How are Soldiers who are not comfortable with, or experienced in goal setting, introduced to the process?

Leonard:  Soldiers set goals all the time in the Army and may not realize they are doing so. 

Dean: By identifying their long term and short term goals, Soldiers are then able to establish sub-goals.  These sub-goals are the small steps which lead them to the final goal.  This process helps them avoid being overwhelmed and gives them the ability to stay focused. An example would be the desire to achieve a 300 on their APFT test. They have to plan and train for different activities in order to be successful. 

What ensures a Soldiers success in achieving their goals?

Dean:  Soldiers do a self assessment to determine their goals in a step by step process led by their Occupational Therapist. They reflect upon their personal strengths, challenges and potential barriers to goal achievement.  They must be willing to stick with their plan and do the work. Spousal and Caregiver participation is welcomed and encouraged as they can often act as an advocate. 

Leonard:  Soldiers own their goals. They own their CTP.  Goals can change and when they do, Soldiers have to update their plan to address these changes.  Soldiers have to decide if their goals are realistic and then they must be willing to manage to their expectations. 

Throughout the process, Soldiers continue to follow up with their interdisciplinary team of care to ensure they are making progress.  With steadfast determination, the Soldier can know and understand the success of their plan.  As with anything worthwhile in life, hard work and a good attitude are a must.

Learn more about goal setting and all of the seven processes of the Comprehensive Transition Plan here: http://www.wtc.army.mil/factsheets/ctp_brochure.pdf

Army Warrior Games Athletes Compete During Sitting Volleyball and Archery Trials

By LTC Jeanette H. Griffin, WTC Stratcom

Army Veteran Kevin Stone, the Army archery Coach provides instruction to SPC Quinton Piccone, Warrior Transition Unit, Fort Sam Houston, Texas  during archery practice at the 2013 Warrior Games  archery and sitting volleyball trials held on Fort Belvoir, Va., Feb. 25-March 1.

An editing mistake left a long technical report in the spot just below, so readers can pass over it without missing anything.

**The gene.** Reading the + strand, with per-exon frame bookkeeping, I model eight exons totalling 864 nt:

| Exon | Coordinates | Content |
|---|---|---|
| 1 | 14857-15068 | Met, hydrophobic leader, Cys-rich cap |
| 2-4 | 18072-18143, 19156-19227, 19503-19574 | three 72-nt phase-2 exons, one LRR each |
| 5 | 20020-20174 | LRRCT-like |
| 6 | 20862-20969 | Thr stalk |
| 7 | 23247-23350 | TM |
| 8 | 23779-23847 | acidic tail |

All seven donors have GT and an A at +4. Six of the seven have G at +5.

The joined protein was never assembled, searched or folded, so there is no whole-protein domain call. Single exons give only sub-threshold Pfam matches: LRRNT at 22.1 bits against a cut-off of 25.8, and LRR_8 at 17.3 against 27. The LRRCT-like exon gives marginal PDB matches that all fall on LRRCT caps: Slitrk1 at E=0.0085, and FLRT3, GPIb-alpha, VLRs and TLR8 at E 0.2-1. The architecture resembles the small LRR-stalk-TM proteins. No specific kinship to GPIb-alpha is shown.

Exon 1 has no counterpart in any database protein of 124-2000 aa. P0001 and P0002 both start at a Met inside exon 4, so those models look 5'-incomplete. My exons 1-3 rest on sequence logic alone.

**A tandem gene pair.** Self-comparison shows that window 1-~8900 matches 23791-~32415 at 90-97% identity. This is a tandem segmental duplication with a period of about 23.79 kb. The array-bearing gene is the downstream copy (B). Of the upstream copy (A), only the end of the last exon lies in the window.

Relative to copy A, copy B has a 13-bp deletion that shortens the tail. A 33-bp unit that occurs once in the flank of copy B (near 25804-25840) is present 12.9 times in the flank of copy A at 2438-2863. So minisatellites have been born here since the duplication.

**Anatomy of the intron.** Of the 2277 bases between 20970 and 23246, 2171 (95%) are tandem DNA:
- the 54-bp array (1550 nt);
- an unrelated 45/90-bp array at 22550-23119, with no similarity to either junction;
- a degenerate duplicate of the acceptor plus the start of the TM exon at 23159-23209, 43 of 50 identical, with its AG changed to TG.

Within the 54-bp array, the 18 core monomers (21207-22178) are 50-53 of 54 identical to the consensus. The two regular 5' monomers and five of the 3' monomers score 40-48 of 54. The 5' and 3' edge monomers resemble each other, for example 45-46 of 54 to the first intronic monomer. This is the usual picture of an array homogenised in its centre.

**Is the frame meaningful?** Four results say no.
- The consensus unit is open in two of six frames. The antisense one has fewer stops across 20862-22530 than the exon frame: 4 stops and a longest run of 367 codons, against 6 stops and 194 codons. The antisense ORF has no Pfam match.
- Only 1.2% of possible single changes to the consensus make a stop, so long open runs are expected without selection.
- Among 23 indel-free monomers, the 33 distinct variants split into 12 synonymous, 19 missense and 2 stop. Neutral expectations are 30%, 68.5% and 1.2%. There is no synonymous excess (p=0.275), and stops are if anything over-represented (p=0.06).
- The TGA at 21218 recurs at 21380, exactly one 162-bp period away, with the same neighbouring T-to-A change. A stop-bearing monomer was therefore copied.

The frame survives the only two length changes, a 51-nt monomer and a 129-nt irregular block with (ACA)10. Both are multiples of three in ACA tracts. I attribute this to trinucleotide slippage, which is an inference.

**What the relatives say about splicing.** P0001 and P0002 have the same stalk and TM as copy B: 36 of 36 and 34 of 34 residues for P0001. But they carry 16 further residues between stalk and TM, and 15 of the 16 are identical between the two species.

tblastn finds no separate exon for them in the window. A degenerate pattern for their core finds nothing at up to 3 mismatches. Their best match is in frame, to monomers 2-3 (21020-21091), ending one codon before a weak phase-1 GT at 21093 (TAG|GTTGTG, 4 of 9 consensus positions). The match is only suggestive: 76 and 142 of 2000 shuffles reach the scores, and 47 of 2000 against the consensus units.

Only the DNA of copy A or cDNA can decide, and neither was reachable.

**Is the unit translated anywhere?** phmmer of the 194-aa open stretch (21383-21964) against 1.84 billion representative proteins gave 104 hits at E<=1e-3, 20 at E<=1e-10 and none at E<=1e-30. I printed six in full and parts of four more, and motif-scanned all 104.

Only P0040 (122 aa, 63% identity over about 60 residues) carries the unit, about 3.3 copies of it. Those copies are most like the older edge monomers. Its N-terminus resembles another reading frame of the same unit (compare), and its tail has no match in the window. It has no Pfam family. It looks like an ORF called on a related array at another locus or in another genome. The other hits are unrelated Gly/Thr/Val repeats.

Army Veteran Kevin Stone, the Army archery Coach provides instruction to SPC Quinton Piccone, Warrior Transition Unit, Fort Sam Houston, Texas during archery practice at the 2013 Warrior Games archery and sitting volleyball trials held on Fort Belvoir, Va., Feb. 25-March 1. Stone is a first time coach for the 2013 Warrior Games. This is Piccone’s first time competing to represent the Army during the 2013 Warrior Games. (U.S. Army Photo by Monica Wilson)

After two grueling archery and sitting volleyball assessment and selection clinics, more than 40 wounded, ill and injured Soldiers and Veterans  from across the U.S. and Europe are steps closer to reaching their goal of representing the U.S. Army during the 2013 Warrior Games.

As part of the Army’s Warrior Games selection process, the Warrior Transition Command hosted the Army’s final sitting volleyball and archery trials on Fort Belvoir, Virginia, February 25-March 1.

“Overall, we have conducted more than 15 training and accession clinics to prepare our athletes for competition during the 2013 Warrior Games.” “Army athletes have received the best training possible from some of the top subject matter experts in their sports,” said MSG Jarrett Jongema, Adaptive Sports & Reconditioning Branch Noncommissioned Officer in Charge.

During the 2013 Warrior Games, slated for May 11-17 in Colorado Springs, Colorado, athletes will compete in sitting volleyball, wheelchair basketball, swimming, cycling, track and field, archery, and competitive shooting with hopes of being awarded a gold, silver, or bronze medal.

The first archery and sitting volleyball multi-sport clinic was held in Fort Belvoir, Virginia, the last week of October and a second clinic took place December 2012 at Fort Carson, Colorado.

“From the start, our athlete’s focused on shooting the best shots they possibly could regardless of their skill level. Some came in with the knowledge required, while others had to be taught,” said Kevin Stone, Head Coach of the U.S. Army archery team.

Since 2005, Stone has worked with the Paralympic Military Program and used his skills and expertise to train wounded, ill and injured service members to use adaptive sports as a part of their rehabilitation.  Today, two times Paralympian and Army Veteran Kevin Stone is doing what he loves best as the Head Coach for the Army archery team.

“We ran the clinics as if they were training at an Olympic Center or before a National Championship tournament,” said Stone. We relaxed the troops with music during practice and while scoring. The experienced troops did not miss a beat and the inexperienced troops were given separate and individual instruction before re-joining the main body. This practical immersion worked and was apparent in the scores they provided.”

Similar to the athletes; Stone understands what it means to face a traumatic injury and diligently work towards recovery. As a Noncommissioned Officer and member of the U.S. Army Light Infantry, Stone sustained injuries to his neck as a result of a vehicle rollover and was pronounced as an incomplete quadriplegic.  Today, Stone uses a wheelchair and the aid of a cane to stand or walk short distances.